17. National Employment Policies

Sustainable Development

Decent work

Economy Social Environment Employment Protection Rights Dialogue
Relevant SDG Targets
8.3, 8.5, 8.6, 8.8 1, 1.4, 5.a, 10, 16, 17
Relevant Policy Outcomes
1, 6

On this page: DWA-SDG Relationship | Cross-cutting policy drivers | Partnerships | ILO Capacity | Resources

The ILO estimates that more than 600 million new jobs will need to be created over the next decade to generate sustainable growth and maintain social cohesion. Global employment challenges have become increasingly pronounced since the financial and economic crisis in 2008. This crisis both revealed and further aggravated glaring employment deficits in terms of both levels and quality, and highlighted the need to address structural imbalances in labour markets. The global employment gap, measuring the number of jobs lost since the start of the crisis, had reached 61 million by 2015 and continues to widen. Coupled with this, in 2015, there were over 200 million unemployed people worldwide, while over half of the world’s workers were involuntarily self-employed. In developing countries, burgeoning informal economies account for between 35 and 90 per cent of total employment. Working poverty remains pervasive, and non-standard, precarious forms of employment have seen an alarming rise. These challenges tend to disproportionately affect women, youth and marginalized groups, requiring integrated and far reaching policy responses. It is now commonly acknowledged that economic growth, while necessary, is by no means sufficient to engender sustainable and productive employment. At the same time, a lack of productive employment opportunities and the persistence of decent work deficits will impede pro-poor growth and sustainable development (53) . National employment policies (NEP) pursue the overarching objective of converting economic growth into employment growth. At national level, a coherent, integrated and well-designed employment policy, which cuts across the macro- and microeconomic dimensions and addresses both labour demand and supply, is of utmost importance to tackle employment related problems.

The objective of full, productive, and freely chosen employment was already stated in the ILO Constitution and the 1944 Philadelphia Declaration, with the Employment Policy Convention, 1964 (No. 122) further articulating it. In addition, all ILO work on employment derives its current mandate from the Global Employment Agenda (2003), the ILO Declaration on Social Justice for a Fair Globalization (2008) and the Conclusions of the Recurrent Item discussion on Employment. National employment policies seek to explicitly link growth and economic strategies to employment creation, and diagnose the challenges and opportunities for productive job creation (54) .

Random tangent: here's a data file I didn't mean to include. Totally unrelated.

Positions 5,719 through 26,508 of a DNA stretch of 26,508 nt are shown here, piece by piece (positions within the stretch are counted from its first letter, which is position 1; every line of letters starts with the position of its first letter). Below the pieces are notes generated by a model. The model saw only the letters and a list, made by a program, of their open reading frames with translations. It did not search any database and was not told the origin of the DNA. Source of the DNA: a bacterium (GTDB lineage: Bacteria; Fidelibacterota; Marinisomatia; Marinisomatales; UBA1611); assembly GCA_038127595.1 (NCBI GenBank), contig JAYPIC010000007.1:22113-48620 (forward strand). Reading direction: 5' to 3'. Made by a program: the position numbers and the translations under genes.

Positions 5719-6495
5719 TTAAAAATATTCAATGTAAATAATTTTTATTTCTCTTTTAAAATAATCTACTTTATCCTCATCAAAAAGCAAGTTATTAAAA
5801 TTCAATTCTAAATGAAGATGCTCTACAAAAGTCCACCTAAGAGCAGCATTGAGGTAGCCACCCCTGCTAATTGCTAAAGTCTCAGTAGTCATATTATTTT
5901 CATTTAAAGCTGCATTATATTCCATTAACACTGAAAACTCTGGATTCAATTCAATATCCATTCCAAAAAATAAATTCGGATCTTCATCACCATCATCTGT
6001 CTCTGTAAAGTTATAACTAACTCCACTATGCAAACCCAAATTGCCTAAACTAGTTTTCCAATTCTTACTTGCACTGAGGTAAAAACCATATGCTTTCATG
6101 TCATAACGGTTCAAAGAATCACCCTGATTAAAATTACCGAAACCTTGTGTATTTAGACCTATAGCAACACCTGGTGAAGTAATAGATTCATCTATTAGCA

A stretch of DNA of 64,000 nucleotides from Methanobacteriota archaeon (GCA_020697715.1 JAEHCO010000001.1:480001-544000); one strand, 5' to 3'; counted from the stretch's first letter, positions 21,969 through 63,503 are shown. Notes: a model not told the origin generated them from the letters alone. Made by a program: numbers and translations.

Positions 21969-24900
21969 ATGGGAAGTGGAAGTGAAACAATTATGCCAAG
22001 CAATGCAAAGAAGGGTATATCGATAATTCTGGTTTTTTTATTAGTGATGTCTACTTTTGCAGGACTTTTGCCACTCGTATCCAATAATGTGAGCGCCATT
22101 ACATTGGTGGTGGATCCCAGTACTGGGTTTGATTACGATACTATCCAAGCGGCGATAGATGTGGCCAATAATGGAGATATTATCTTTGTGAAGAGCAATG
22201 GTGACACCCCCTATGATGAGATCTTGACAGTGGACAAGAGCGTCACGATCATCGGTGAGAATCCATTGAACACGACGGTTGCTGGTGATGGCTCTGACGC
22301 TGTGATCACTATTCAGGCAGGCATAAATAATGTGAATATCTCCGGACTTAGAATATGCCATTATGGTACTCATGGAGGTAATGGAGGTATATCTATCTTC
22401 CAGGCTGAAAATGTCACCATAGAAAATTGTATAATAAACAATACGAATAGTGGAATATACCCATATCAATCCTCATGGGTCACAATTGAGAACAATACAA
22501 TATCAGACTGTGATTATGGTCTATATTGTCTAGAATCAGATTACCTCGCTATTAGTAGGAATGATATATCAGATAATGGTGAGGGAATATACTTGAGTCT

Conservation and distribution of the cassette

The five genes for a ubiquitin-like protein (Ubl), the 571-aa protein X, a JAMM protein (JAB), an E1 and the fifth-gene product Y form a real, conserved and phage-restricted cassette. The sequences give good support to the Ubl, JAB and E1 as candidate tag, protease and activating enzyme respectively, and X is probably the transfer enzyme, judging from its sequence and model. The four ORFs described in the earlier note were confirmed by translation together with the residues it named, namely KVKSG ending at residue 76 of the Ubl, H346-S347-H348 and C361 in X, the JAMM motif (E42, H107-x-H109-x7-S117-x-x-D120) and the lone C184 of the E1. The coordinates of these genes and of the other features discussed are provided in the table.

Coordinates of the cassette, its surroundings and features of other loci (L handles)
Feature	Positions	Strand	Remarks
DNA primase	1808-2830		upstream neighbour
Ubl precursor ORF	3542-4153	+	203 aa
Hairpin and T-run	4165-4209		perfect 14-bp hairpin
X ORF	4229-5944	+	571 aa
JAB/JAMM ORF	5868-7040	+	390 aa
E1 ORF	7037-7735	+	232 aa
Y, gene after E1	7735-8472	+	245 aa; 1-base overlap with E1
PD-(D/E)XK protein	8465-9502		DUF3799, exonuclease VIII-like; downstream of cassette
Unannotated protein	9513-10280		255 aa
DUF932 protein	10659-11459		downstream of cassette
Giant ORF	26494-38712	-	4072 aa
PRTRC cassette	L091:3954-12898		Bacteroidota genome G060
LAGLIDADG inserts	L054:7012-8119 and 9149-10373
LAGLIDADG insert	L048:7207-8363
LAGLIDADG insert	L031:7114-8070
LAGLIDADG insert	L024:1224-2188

The ILO promotes a comprehensive approach to employment policy, whereby a NEP should elaborate both a vision and a concerted and coherent framework linking all employment policy interventions, as well as all stakeholders – government, workers’ and employers' organizations, financial institutions, industry and other civil society groups – who have a role to play in reaching employment targets37. The content of a NEP will necessarily touch upon a wide array of economic, social and labour market policies that affect both the supply and demand sides of the labour market, as well as the intermediation between them. The NEP can therefore serve as an umbrella for complementary policies, as illustrated below:

Consequently, national employment policies are closely related to several thematic areas discussed in this guide, most prominently to the active labour market policies, to employment-rich economic growth, to working conditions, to the informal economy, to youth employment, and to equality.

The ILO facilitates comprehensive employment policy processes at the country level through:
  • conducting sex and age disaggregated employment and labour market situation analyses;
  • providing research and analysis on how to increase the employment content of growth to inform policy design, monitoring and evaluation;
  • offering policy advice on incorporating employment goals in overarching policy frameworks; and
  • undertaking capacity building for government and the social partners; as well as facilitating tripartite policy dialogue.
The issue of national employment policies is addressed by several International Labour Standards, chiefly by the Employment Policy Convention, 1964, (No.122) ratified by 109 countries, and the associated Recommendations R.122 and R.169. C.122 provides the global normative reference for employment policy. It calls upon States to declare and pursue an active policy designed to promote full and productive employment as a major goal, consulting the social partners and taking into account national circumstances.

The ILC has also adopted a wide range of additional instruments to guide advocacy and technical work in relevant fields such as skills (e.g., C.142), employment services (C.88), private employment agencies (C.181), the employment of persons with disabilities and other vulnerable groups (e.g., C.159), transition from the informal to the formal economy (R.204), enterprise development (e.g., R.189), and social protection floors (R.202), amongst others.

DWA-SDG Relationship